Depth of field, part two

In my post last week I talked about how depth of field is critical to macro photography. I found a couple of photos of that Citrine Forktail where it’s even more apparent, although it’s a bit difficult to tease out what’s a result of the angle at which the photo was taken (was the camera perpendicular to the long axis of the insect or not?) and what is due entirely to depth of field. I suspect that I might have inadvertently rotated the camera slightly.

The first photo was taken at f/11, which is the “standard” aperture for macro photography out of doors. The region of best focus is centered on the damselfly’s eye and the body is rather blurry:


Ischnura hastata. f/11, 1/400. Eye in perfect focus, most of body blurry.

The second image is taken at an even smaller aperture, f/14, with a correspondingly greater depth of field. And while the eye isn’t in as good a focus, the entire body is crisp and clear:


Ischnura hastata. f/14, 1/250 exposure. Eye slightly blurry, body entirely in focus.

To get a better idea of what I mean when I say that the eye is in perfect focus in the top image and in not such perfect focus in the second image, here are cropped views of the two images:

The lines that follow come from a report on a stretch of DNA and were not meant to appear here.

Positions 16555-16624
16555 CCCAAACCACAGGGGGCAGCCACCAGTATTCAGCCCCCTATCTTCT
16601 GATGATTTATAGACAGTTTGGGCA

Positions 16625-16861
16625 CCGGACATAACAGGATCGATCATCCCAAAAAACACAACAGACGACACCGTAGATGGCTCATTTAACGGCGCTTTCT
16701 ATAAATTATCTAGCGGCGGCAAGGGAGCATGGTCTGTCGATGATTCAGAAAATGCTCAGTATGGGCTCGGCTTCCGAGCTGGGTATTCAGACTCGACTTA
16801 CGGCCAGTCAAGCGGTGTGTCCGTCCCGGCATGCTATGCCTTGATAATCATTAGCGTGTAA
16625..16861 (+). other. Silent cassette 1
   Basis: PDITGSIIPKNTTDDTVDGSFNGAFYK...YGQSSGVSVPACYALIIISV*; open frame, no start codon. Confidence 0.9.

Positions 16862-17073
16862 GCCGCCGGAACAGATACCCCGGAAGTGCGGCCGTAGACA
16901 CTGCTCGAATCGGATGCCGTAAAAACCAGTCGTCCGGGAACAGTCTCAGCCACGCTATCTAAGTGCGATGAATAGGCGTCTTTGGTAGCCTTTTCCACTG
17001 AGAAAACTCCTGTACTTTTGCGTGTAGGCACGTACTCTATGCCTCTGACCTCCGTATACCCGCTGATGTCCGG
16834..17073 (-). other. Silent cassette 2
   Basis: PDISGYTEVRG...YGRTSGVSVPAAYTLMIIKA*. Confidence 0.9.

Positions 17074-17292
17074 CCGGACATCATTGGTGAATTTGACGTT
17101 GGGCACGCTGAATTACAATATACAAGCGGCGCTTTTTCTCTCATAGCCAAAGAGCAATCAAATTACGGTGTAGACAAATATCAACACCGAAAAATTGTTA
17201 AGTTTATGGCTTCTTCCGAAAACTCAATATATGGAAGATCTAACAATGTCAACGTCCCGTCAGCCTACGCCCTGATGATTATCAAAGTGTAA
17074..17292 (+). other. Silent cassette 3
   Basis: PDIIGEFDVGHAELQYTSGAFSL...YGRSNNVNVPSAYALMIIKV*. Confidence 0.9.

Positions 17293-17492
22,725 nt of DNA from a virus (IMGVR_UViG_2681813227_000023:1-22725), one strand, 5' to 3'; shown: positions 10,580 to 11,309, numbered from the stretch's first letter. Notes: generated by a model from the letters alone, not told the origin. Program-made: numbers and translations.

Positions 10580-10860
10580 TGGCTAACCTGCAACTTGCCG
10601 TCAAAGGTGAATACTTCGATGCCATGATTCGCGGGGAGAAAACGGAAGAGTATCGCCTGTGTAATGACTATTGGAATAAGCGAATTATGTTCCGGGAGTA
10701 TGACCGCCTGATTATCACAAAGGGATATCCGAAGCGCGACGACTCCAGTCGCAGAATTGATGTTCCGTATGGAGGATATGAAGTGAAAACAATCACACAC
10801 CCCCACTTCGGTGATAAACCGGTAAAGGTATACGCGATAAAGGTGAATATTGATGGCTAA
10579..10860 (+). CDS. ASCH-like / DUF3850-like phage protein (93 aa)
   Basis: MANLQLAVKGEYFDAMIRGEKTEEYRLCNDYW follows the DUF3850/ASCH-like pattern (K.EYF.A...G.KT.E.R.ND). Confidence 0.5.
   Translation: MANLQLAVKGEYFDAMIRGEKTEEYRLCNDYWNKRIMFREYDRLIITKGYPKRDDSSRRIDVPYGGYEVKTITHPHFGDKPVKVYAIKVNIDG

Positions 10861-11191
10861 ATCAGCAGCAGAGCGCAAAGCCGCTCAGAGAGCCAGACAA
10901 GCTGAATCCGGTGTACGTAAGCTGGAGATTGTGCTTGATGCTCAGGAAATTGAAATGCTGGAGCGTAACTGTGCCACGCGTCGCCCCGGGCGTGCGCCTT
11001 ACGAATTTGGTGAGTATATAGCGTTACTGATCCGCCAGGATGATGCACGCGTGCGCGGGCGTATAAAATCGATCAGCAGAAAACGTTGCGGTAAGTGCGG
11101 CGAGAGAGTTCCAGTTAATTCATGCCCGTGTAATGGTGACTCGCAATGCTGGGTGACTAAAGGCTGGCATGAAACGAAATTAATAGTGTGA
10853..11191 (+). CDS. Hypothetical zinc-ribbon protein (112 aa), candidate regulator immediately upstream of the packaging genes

The eye, legs, and thorax are in excellent focus.

The eye, legs, and thorax are in excellent focus.

Here is a cropped view of the eye in the second image. Notice how much less impact this crop has than the first one; it turns out that the eyes are critical to good insect photography. (If you don’t agree that the first crop is better than the second one, click on the image to get the full size version; it should be much easier to see.)

The eye is not in perfect focus, but the thorax and the rest of the body are crisp and clear.

The eye is not in perfect focus, but the thorax and the rest of the body are crisp and clear.

The question is, how much of the difference is due to the slight difference in depth of field, and how much is due to any inadvertent camera rotation (or movement of the subject itself)? The only way to answer that is to have a guaranteed stationary camera (use a tripod) and a guaranteed stationary subject (difficult for wildlife photography).

The trouble with tripods, of course, is that they’re difficult to set up and to move in areas that are dense with vegetation, which just happens to be the type of area damselflies frequent. If by chance the insect alights in a cleared-off area, chances are that maneuvering a tripod into the area will be enough to scare it off.

I’m tempted to try a monopod for two reasons: first, it will help steady the camera, even if it won’t guard completely against rotation issues; second, it can serve as a walking stick and, in a pinch, to beat back brush, clear aggressive spiderwebs, etc.